Conclusion: If there weren’t a ban on hunting with dogs, Murdoch himself would be dressed up like a toff and stalk this crafty fox. It’s cheaper and greener than the Sky HD service, with a huge hard drive, great connections and brilliant audiovisuals.
Pros: This monstrous Hi-Def recorder delivers stunning playback and pixel-perfect recording of the Freesat BBC and ITV HD channels, together with top notch upscaling of SD output. Build quality is first class – the Humax uses a fraction of the power of a Sky HD box on stand-by – and even the clear EPG is available in 1080i resolution. The 320GB hard drive will store around 80 hours of HD shows or 200 hours of normal programming, and if that’s not enough you can plug a USB k...
Cons: The big downside of the Freesat is that you’ll need to install a dish – budget around £75 for installation, although an old Sky dish should also do the trick. The line-up of HD services is currently very limited, especially compared to Sky’s ever-expanding portfolio of sports and movies, but remember – there’s no subscription to pay.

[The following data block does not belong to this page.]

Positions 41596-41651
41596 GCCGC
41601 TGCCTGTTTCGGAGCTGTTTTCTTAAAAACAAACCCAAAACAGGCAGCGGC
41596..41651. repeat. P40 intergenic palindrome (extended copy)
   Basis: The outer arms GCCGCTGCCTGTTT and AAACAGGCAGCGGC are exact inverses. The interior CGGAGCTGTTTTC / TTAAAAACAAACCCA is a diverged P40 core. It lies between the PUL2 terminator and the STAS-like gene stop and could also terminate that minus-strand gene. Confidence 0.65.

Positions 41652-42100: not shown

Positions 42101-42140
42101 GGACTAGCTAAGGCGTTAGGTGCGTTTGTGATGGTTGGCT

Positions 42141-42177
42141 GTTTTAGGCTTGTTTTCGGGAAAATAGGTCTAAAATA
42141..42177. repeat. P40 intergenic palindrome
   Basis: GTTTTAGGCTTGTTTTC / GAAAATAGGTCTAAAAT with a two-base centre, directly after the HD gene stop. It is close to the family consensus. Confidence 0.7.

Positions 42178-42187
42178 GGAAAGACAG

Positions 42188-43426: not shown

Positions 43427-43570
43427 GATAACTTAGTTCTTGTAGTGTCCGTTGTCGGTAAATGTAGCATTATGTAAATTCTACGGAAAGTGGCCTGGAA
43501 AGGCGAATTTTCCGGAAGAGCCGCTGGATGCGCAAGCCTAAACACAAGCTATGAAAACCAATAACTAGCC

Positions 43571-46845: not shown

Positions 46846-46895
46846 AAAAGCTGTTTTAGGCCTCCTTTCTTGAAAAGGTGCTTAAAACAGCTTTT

Conclusion: There are a number of compelling reasons for users to opt for Freesat and the Humax FOXSAT-HDR. If you're unable to retrieve digital terrestrial, want a number of free-to-air digital channels, have an unused satellite dish lying around, or just find yourself craving for free HD material, it could be the perfect choice. Indeed, the only major stumbling block preventing us from making an outright recommendation is the FOXSAT-HDR's £300 asking price.
Summary: It hasn't been an easy birth for Freesat HD. Billed as the non-subscription high-def alternative to the satellite offerings from Sky and Virgin Media, the service has proved something of a slow-burner due to some average tuner boxes and a dearth of HD content. What we’d like is a level of functionality to match Sky+ HD and, if the Foxsat HDR’s specs list is anything to go by, it might just be the affordable rival we’ve been hoping for.